JET has very good indicators – the ratio of the energy spent on heating the plasma to the energy received is 0.67. To obtain a commercial system, this coefficient, Q, must be greater than one. In order to recoup costs and become an economically profitable project, Q must be equal to or exceed 25. The authors of the ITER project believe that its Q will be at least 10.
EAST sets records
As already mentioned on Habré, Chinese scientists managed to break the Korean record for keeping super hot plasma. The team of the fusion reactor EAST was able to achieve unprecedented results – confinement of plasma with a temperature of 160 million K for 20 seconds. They held a plasma with a temperature of 120 million K for 101 seconds. This is already very close to the threshold of thermonuclear fusion – we are not talking about fractions of a second, but about tens of seconds.
In order for the reaction of thermonuclear fusion to begin in the installation, a plasma with a temperature of 150 million K must be held for about 300-400 seconds.
EAST is also a tokamak, which differs from most similar designs by the presence of a completely superconducting magnetic system based on niobium-titanium conductors. At the same time, the large radius of the chamber is only 1.7 meters, that is, the diameter is even smaller than that of the British installation, which was mentioned above – 3.4 meters instead of 4. And, as far as one can judge, the Chinese have no problems with the destruction of tungsten tiles.
In addition to tokamaks, there are also thermonuclear installations with a different configuration. For example, stellarators. The shape of the magnetic coil of such installations, as it were, repeats the configuration of the heated plasma, which makes it possible not to fight the plasma, but simply to use its features.
The Wendelstein 7-X (W7-X) installation is a modern stellarator built using the latest thermonuclear technology. The design of the stellarator is gradually being optimized, the creators plan to ensure the operation of the system up to 30 minutes, which, of course, is much better than any tokamak records.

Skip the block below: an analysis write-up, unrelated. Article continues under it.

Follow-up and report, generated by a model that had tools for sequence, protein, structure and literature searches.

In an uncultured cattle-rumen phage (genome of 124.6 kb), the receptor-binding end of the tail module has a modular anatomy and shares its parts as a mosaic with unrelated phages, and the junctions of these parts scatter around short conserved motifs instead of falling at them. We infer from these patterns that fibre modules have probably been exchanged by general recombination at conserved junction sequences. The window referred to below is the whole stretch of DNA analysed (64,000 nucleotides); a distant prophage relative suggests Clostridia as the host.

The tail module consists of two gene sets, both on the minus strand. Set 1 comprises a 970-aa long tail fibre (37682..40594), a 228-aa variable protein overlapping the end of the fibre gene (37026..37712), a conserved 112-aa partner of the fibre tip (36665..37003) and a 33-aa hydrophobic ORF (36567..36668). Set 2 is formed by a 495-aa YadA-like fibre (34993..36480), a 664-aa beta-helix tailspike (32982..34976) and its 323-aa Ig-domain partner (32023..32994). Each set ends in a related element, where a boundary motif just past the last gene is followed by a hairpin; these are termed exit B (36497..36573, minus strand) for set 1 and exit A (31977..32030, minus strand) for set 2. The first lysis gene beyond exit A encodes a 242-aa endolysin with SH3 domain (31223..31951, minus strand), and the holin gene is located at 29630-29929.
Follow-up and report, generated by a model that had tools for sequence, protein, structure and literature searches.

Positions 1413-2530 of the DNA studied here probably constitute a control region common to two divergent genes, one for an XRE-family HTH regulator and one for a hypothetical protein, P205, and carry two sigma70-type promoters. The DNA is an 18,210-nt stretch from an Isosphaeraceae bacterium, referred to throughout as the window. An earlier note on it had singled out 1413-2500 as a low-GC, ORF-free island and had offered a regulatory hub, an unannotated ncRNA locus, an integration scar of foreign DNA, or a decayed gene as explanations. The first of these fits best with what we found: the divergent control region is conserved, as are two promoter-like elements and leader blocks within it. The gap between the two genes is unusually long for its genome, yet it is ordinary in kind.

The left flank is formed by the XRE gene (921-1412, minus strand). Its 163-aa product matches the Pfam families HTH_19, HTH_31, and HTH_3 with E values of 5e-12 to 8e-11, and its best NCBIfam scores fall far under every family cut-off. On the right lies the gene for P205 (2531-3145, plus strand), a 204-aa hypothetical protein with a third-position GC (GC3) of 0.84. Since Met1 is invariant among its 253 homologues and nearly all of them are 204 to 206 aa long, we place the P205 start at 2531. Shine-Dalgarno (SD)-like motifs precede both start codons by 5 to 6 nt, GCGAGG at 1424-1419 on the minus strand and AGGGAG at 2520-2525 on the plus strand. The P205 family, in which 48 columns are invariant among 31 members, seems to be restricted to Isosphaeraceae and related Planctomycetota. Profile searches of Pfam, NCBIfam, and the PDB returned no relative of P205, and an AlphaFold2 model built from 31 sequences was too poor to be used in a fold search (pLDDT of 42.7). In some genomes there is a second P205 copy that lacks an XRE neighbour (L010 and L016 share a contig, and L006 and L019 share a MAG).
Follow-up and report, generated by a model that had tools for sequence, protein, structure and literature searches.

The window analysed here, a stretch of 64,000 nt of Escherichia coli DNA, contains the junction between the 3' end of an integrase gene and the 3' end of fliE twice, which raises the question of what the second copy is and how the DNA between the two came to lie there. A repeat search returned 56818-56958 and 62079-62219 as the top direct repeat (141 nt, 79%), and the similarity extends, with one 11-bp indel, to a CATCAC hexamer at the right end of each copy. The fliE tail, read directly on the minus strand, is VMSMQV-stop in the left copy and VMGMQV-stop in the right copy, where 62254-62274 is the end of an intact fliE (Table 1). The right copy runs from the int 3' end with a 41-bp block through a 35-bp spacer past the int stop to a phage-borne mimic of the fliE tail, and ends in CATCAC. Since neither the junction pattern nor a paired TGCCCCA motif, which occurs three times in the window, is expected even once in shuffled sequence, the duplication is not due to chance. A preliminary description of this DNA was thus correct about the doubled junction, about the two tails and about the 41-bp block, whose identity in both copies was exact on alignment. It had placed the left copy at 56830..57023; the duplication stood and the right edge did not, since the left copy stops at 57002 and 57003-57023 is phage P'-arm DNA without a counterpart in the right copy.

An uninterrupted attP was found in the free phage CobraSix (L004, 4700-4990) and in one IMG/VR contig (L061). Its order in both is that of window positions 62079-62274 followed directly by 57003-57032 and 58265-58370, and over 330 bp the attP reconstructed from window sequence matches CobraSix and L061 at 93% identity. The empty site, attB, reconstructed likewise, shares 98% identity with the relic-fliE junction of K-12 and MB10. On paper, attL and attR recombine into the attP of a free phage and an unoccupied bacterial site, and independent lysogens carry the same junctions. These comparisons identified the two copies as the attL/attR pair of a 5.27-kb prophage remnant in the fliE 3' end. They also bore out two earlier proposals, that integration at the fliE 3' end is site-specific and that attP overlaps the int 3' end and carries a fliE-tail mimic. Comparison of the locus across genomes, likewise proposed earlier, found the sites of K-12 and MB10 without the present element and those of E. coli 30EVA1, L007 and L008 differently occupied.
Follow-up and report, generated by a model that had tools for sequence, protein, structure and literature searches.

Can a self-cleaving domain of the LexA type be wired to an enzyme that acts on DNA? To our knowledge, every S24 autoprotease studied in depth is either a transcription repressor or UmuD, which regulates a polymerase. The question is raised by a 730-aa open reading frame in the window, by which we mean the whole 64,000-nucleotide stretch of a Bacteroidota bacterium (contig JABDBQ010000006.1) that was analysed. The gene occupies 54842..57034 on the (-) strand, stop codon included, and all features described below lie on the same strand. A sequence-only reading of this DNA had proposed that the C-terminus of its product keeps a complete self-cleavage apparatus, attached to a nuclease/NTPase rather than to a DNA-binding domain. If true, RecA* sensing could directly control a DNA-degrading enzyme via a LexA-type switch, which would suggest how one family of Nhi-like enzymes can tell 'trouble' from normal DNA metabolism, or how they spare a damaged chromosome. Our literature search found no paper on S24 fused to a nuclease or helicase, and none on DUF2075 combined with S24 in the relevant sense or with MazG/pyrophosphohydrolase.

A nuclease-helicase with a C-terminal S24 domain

Wendelstein 7-X (W7-X) is intended, first of all, to be a proof of concept, showing the viability of the design – it is not planned to receive energy with its help. Unfortunately, due to the pandemic, experiments with the system have been postponed for at least a year. Work will resume no earlier than next year.
Despite all these successes, it is still not worth considering that the fusion is already in the pocket of mankind. There are still many problems to be solved, and new ones may arise in the future.
Nevertheless, now scientists have achieved considerable success, scientists from many countries are engaged in studying the possibilities of thermonuclear fusion. This is no longer a couple of projects like a couple of decades ago. At the same time, new systems appear regularly – both tokamaks and alternatives.
The Chinese attitude instills confidence that the goals that scientists set themselves will be achieved in the near future. At the same time, there is hope for ITER with its deuterium-tritium “fuel”.
If the W7-X shows good results – who knows, maybe it is the stellarators that will snatch the victory, and the tokamaks will be left behind.
In any case, thermonuclear fusion has attracted the attention of not only scientists, but also the governments of the largest states in the world. And it is unlikely that this attention, interest, will weaken. Rather, on the contrary, they will only grow stronger.